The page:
Comments by the president of the National Union of Students describing Birmingham University as a “Zionist outpost” smack of “outright racism”, the House of Commons Home Affairs Committee has found.
In scathing findings, the committee said that Malia Bouattia did not appear to take the issue of campus anti-Semitism “sufficiently seriously” and showed a “worrying disregard” for her duty to represent all students and promote balanced and respectful debate.
Ms Bouattia’s statement in a co-authored 2011 blog that Birmingham “has the largest Jsoc (Jewish Society) in the country whose leadership is dominated by Zionist activists” was condemned in the MPs’ report as “unacceptable, and even more so from a public figure such as the president of the NUS”.
The report questioned whether the NUS was effectively addressing the issue of anti-Semitism, and called on the union and the Union of Jewish Students (UJS) to “work to mend their broken relationship”.
The UJS should be given the power to elect a Jewish member of the union’s Anti-Racism Anti-Fascist (ARAF) taskforce, without requiring the approval of the NUS president, said the report. If the UJS felt, after a one-year grace period, that ARAF was not taking anti-Semitism on campus seriously, then a dedicated Anti-Semitism Taskforce should be set up at executive level of the NUS.
The president of the Board of Deputies of British Jews, Jonathan Arkush told the inquiry that he regarded Ms Bouattia’s comments about Birmingham and her reference in a 2014 speech to “mainstream Zionist-led media outlets” as anti-Semitic.
The NUS also faced criticism following a debate, at the 2016 conference at which she was elected president, in which some delegates argued against events to mark Holocaust Memorial Day. Since the conference, students’ unions at Hull, Lincoln, Newcastle and Loughborough have voted to disaffiliate from the NUS.
In a written response to the inquiry, Ms Bouattia said she was “deeply concerned” about the reported rise of anti-Semitism in universities and regarded tackling the problem as “a key priority”. Referring to the Birmingham blog, she insisted: “I do not now, nor did I five years ago at the time of publication, see a large Jewish Society on a campus as a problem”.
She added: “I want to be clear that for me to take issue with Zionist politics, is not me taking issue with being Jewish … As NUS national president I intend to fight for the rights and safety of all students, including Jewish students. I want to reiterate that at NUS we are absolutely clear that there is no place for any form of racism, including anti-Semitism, within the student movement or within wider society.”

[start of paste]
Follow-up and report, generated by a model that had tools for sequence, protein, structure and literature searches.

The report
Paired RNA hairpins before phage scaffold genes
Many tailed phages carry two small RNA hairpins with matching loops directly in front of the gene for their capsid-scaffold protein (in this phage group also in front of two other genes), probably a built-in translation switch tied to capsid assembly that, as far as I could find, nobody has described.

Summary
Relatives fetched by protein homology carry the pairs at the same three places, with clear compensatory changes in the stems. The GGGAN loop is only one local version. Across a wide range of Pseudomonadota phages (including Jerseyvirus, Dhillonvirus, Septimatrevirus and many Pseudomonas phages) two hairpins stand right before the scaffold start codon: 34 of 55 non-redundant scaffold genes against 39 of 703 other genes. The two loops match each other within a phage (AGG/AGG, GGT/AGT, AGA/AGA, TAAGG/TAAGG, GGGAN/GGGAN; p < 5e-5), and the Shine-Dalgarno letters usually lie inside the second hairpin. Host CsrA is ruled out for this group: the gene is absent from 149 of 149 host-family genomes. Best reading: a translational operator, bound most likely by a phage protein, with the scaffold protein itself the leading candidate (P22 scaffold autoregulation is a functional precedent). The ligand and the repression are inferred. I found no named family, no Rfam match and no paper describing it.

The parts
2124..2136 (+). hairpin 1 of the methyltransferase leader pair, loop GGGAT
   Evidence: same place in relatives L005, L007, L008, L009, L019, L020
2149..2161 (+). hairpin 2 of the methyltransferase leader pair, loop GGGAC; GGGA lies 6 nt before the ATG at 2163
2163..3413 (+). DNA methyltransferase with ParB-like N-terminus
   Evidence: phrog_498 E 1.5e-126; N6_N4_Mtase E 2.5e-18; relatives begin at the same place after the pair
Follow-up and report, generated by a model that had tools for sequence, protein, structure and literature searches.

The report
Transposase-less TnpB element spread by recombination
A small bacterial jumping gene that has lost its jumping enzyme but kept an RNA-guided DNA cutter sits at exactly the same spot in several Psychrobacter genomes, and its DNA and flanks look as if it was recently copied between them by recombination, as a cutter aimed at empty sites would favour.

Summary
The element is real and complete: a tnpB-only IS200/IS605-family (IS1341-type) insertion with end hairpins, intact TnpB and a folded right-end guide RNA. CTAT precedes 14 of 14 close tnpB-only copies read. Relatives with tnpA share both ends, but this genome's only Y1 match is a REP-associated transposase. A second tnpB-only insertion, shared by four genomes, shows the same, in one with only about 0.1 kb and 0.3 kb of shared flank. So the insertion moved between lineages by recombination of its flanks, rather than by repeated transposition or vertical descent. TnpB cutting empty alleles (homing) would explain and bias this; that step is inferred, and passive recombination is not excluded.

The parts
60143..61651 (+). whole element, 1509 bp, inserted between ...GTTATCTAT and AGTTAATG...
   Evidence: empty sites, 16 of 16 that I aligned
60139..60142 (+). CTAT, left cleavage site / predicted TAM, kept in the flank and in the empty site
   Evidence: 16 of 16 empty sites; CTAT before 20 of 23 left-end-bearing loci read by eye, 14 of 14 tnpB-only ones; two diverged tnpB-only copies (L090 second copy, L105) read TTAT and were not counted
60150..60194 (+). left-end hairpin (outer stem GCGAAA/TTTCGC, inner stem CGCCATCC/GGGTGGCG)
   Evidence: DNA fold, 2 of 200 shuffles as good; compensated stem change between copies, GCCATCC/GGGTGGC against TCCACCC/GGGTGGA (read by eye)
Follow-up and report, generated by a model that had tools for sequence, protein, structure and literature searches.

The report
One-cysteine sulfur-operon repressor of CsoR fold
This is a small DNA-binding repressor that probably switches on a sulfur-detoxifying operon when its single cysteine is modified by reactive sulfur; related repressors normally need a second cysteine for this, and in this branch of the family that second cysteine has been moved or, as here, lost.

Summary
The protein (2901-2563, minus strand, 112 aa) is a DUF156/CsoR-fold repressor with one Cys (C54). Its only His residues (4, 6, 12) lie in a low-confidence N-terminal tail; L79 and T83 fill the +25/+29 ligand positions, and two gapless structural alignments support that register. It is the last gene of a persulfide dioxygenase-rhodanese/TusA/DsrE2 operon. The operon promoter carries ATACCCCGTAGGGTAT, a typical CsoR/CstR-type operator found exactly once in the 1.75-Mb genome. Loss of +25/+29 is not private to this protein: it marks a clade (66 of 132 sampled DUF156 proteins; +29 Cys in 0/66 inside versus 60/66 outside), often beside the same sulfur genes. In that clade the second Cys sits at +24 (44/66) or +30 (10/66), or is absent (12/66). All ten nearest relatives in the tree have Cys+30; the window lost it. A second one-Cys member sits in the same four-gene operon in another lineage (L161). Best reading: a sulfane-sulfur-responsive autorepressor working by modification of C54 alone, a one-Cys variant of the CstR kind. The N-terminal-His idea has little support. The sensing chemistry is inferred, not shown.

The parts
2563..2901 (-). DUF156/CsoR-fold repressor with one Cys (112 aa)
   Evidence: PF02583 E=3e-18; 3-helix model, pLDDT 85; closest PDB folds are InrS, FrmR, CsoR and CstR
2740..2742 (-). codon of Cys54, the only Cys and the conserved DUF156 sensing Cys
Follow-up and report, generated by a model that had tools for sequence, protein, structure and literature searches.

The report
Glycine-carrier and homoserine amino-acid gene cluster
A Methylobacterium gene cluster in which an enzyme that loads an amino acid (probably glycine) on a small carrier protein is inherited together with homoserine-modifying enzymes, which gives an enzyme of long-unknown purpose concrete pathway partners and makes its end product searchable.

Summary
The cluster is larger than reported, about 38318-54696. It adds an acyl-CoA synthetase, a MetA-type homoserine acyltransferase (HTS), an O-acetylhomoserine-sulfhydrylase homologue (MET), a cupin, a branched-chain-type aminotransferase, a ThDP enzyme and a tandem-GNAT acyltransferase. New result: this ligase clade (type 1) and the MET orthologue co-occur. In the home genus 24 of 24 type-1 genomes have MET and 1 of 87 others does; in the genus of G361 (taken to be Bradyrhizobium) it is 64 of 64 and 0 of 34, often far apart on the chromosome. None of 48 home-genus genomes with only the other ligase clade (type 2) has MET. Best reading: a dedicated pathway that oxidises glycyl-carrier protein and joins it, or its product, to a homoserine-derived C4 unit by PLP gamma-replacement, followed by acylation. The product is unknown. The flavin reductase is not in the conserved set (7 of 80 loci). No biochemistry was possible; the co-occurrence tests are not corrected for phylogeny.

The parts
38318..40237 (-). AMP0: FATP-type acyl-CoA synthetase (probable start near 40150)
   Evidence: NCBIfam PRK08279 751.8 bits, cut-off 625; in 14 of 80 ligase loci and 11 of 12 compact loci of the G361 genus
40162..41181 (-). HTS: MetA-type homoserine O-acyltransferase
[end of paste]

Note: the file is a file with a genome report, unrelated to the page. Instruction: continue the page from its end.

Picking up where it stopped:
But the report found: “The current President of the National Union of Students, Malia Bouattia, does not appear to take sufficiently seriously the issue of anti-Semitism on campus, and has responded to Jewish students’ concerns about her previous language with defensiveness and an apparent unwillingness to listen to their concerns.
“Ms Bouattia’s choice of language (and ongoing defence of that language) suggests a worrying disregard for her duty to represent all sections of the student population and promote balanced and respectful debate. Referring to Birmingham University as a ‘Zionist outpost’ (and similar comments) smacks of outright racism, which is unacceptable, and even more so from a public figure such as the president of the NUS.
“The unique nature of anti-Semitism requires a unique response, which may not be effectively addressed by the steps that the NUS is currently taking. For the sake of their own credibility and to ensure Jewish students across the UK are treated appropriately, the NUS and the Union of Jewish Students should work to mend their broken relationship.”
The committee also said it was “disappointing” that the Labour Party had failed to publish in full a report into allegations of anti-Semitism at Oxford University Labour Club. And it said it was unfortunate that this report was not mentioned in Baroness Chakrabarti’s wider inquiry into anti-Semitism in the party.
The Home Affairs Committee said it was “perfectly legitimate” for students to campaign against the actions of the Israeli government, but called for resources to be provided to help them inform themselves about both sides of the argument.